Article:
An idea has arisen in the last several years, stating that whatever choice a woman makes is a feminist choice, because a woman made it and it therefore should not be subject to closer examination.
When is a choice not a choice?
An increasing number of people in my life have, of late, gone the path of marriage and children. Both of these events are subject to an extremely specific narrative. When everything and everyone around you is assuming you subscribe to and agree with that narrative, is modelling it themselves, is it truly a choice when one ends up following the consensus?
The narrative surrounding children and childcare is particularly loud, exerting stunning pressure. Everyone loves to talk about babies. Women are expected to be baby-crazy from their own infancy on up, and motherhood is correspondingly spoken of as natural and instinctive. There’s a right time to have kids (when you’re young), and a wrong time to have kids (when you’re over 35, bring out the autism/Down’s syndrome/infertility scares). Women who opt in are selfless paragons of femininity, women who opt out are selfish and unfeminine, and all manner of abuse can be heaped on the woman who gets pregnant and isn’t prepared or able to carry it to term.
As a society, we’ve gotten better about the pre-pregnancy part. Between access to higher education, access to birth control, the right to a safe, legal abortion, and conversely, access to fertility treatments, Canadians have been able to exert some respectable control over their reproductive years. It’s now unusual to have large families, and many don’t begin having children until their 30s, if they decide to at all. The pressure is still there, but attitudes have shifted enough toward acceptance of delayed childbearing that it can be deflected.
After the birth is an entirely different matter.
Some of it is in the messages new mothers are bombarded with. Motherhood is constructed as the greatest good a woman can do. Breast is best. A mother is the only one who can adequately care for their children, and mothers who work are missing out. You don’t want someone else raising your children, do you? If you work, your paycheque is going to be eaten up by daycare anyway. Devote your life, or be judged as a failure of womanhood. Added together, mothers are painted as the primary caregivers in two-parent, hetero families. As a direct result, they are still the ones most likely to cut back their work hours or quit entirely.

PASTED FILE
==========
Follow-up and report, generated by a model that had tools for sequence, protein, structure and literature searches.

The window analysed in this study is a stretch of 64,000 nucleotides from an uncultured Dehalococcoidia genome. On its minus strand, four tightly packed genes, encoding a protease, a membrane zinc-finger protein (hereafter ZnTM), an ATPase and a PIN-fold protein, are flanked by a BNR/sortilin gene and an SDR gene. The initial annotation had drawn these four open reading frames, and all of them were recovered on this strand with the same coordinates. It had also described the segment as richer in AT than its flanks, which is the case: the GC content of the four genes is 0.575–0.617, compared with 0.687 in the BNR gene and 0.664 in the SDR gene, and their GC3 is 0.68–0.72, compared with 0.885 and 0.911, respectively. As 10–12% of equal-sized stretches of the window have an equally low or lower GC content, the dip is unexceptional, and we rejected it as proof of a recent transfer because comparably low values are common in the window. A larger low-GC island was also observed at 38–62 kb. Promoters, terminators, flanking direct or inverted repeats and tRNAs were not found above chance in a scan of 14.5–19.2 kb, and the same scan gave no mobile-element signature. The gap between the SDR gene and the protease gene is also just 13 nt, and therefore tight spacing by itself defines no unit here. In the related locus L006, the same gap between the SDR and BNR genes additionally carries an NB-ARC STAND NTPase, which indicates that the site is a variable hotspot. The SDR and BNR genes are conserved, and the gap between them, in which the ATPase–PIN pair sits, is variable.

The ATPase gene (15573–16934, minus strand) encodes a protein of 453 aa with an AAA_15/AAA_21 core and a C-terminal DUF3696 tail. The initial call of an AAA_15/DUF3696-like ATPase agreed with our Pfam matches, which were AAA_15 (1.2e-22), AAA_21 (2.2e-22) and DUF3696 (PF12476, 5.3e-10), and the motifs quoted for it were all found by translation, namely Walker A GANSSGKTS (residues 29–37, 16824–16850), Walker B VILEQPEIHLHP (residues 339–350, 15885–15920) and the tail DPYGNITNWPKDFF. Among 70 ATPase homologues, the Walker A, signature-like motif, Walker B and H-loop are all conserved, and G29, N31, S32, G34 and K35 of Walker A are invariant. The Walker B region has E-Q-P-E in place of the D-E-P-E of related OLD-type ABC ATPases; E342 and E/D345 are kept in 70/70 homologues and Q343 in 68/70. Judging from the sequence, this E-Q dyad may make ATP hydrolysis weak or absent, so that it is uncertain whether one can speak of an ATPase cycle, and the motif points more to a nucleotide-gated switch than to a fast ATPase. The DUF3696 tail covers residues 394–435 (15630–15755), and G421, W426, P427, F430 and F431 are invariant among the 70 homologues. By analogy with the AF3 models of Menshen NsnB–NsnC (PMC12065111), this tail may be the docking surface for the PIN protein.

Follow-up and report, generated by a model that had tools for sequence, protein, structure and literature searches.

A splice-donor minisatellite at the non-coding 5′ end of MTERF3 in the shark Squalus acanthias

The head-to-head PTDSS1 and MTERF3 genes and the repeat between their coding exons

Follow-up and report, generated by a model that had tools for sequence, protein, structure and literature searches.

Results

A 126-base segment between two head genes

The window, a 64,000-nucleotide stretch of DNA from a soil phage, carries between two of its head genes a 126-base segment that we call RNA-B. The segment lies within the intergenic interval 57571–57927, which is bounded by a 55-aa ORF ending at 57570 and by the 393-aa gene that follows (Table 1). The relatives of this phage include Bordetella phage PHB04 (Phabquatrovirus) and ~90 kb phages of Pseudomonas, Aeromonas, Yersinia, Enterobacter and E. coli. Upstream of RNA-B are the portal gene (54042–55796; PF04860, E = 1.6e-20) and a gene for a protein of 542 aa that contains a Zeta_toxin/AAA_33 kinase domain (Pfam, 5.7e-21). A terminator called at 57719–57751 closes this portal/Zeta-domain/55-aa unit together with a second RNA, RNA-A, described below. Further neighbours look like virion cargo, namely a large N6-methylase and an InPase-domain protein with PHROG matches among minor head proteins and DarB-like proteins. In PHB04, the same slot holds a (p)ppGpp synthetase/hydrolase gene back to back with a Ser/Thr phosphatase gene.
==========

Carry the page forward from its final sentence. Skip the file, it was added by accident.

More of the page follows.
Some of it is the messages aimed at fathers. Diaper companies advertise that their product can hold up even in the face of clueless paternal care. Fathers caring for their children are dismissed as inept babysitters, just holding down the fort until the ‘real’ parent gets home. Men are still expected to put in long hours at the office, with the subtext that a female partner is taking care of things at home. If he makes his family a priority, his masculinity is suddenly suspect. The pushback against stay-at-home dads is in no small part because nurturing is coded as a feminine trait.
This is how the heteronormative nuclear paradigm is perpetuated. She’s the domestic goddess, blissfully happy between four walls with the pitter-pat of tiny feet. He’s the breadwinner, selflessly putting in overtime and climbing the corporate ladder to keep them in style, secure in the knowledge that she’s taking care of the rest.
Never mind that this is a myth. It only ever existed in practice in a narrow slice of time, in a narrow slice of society, in a tremendously specific culture. In the 1950s, as now, not every family that subscribed to the ideal could afford a single income, and defining work as paid labour is misleading when examining the actual roles of women. The concept was inherited from the Victorians’ equally fictitious and classist ‘Angel of the House’ and ‘separate spheres’ gender role division. The housewife/breadwinner paradigm is a one-size-fits-all codified as an ideal while everyone quietly ignores how it’s shrunk in the wash.
It’s not reasonable to expect one half of a relationship to disproportionately sacrifice for the other, whether to care for their children or prioritize one person’s career. Children are a joint responsibility, and work/life balance is not an issue burdening women alone.
Why are so many women accepting that it’s their job to give it all up in the name of family? Why childcare still understood as primarily the mother’s job? Where are the fathers angry at the roadblocks to them being fully involved parents?
Why do we still assume it takes a married mother and father to raise a child? Where is the recognition of the role of alloparenting in a child’s life? Where are the single parents, the unmarried parents, the LGBT parents, the non-nuclear families?
Why does a society reliant on its citizens having children to perpetuate itself pretend the having and raising of those children is an individual responsibility?
Start asking questions, and don’t let up. Tradition doesn’t equate with the best interests of parent or child, and research studies are just as affected by biases as the unsolicited advice from the person behind you in the grocery store lineup.
Figure out where the biases lie, decide for yourself what’s best for you and your family, and don’t be afraid to stand up for it.